Interview: Younghusband

Psych rock quartet Younghusband chat to Richard Lewis

Interview: Younghusband With their superlative debut album Dromes hitting the shelves on Monday, (check out the review here) psych rock/dream pop quartet Younghusband head out on their debut UK tour next week. Bearded caught up with lead singer, guitarist and band founder member Euan Hinshelwood to quiz him on Younghusband’s origins, oil screen artwork and documentary film makers.

First things first then, where did the band name come from? ‘It was a surname from a character in (Heinrich Harrer autobiography) Seven Years In Tibet Euan explains from his base in East London. ‘I just really liked the aesthetic of it, the way it appeared as 1 word. Like nineties bands would stick two words together as one.’

Younghusband's first fully fledged recordings as a unit resulted in superb double A-side ‘Carousel’ / ‘Nothing Nothing’, released on TooPure June 2011, piquing the interest of radio. While the quartet had yet to play live, the attention the release garnered took a while to sink in. ‘I was surprised that 'Nothing Nothing' received so much attention’ Euan states. ‘I knew it was a great track but the recorded version was different to how I heard it. I kind of dismissed it, then realised later on it was a much better recording than I first thought.’

Originally an outlet for Euan’s lo-fi recordings, pieced together on a bedroom 8 track, the arrival of bassist Joe Chilton, drummer Pete Baker and guitar/keys player Adam Beach saw the ‘Husband definitively become a group. How has the band's material changed since the arrival of Adam, Joe and Pete? ‘Things instantly became more interesting’ Euan states. ‘Things were questioned more and the sonic palette opened up so much. They're really great, creative musicians.’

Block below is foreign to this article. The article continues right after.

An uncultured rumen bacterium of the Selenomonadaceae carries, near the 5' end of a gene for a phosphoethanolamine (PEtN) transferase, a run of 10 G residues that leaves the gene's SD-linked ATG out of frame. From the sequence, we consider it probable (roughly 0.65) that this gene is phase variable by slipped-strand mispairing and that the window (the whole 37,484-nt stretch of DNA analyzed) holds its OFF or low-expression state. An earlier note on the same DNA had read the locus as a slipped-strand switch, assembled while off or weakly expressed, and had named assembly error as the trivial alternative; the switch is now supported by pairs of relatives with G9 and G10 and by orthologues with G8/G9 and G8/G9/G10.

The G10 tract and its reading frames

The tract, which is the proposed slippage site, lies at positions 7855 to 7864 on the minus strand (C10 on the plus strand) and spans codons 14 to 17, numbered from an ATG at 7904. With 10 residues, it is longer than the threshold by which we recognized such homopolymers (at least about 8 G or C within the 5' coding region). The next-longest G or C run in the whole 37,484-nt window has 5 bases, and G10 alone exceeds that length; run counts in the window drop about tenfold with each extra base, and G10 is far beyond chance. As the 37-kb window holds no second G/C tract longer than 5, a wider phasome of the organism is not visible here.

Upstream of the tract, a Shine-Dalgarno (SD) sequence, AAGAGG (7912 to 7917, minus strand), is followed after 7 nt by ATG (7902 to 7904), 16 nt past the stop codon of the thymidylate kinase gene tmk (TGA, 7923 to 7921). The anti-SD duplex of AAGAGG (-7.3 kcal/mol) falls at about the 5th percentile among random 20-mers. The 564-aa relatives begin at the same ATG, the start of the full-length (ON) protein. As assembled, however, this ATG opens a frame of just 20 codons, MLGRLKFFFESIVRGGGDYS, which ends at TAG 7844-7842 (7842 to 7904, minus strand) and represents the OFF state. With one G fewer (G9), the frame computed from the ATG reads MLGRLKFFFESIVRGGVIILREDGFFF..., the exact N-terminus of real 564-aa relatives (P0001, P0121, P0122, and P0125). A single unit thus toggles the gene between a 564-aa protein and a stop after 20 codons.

With a score of singles already logged and excellent notices for the LP flowing in the band head out on their maiden tour across Blighty next week. How has your sound changed since you began gigging regularly? ‘Playing live allows us to hear our songs with fresh ears and in turn gives us more confidence in the parts of our music that have come to define our sound’ Euan states.

‘It's important to remember that each gig is a unique experience. We like to play around with structures of the songs which keeps it exciting for us and for the audience too. Hopefully!’ he laughs.

Cited as a band influence alongside indie figureheads Broadcast, Stereolab and electronic pioneer Delia Derbyshire are Otis Redding and the Stax label. What elements of their music inspire you? ‘We noticed a thread running through a lot of the Stax releases, whereby a sweet pop song will be propelled along by a staunch, often unchanging and seemingly simple rhythm section, totally unafraid of repetition’ Euan explains.

‘The footage we've seen of the Stax Volt tour (legendary 1967 revue that toured England and France) is particularly brilliant. You realise the level of musicianship is incredibly high and how complex their parts actually are. Complex but never complicated.’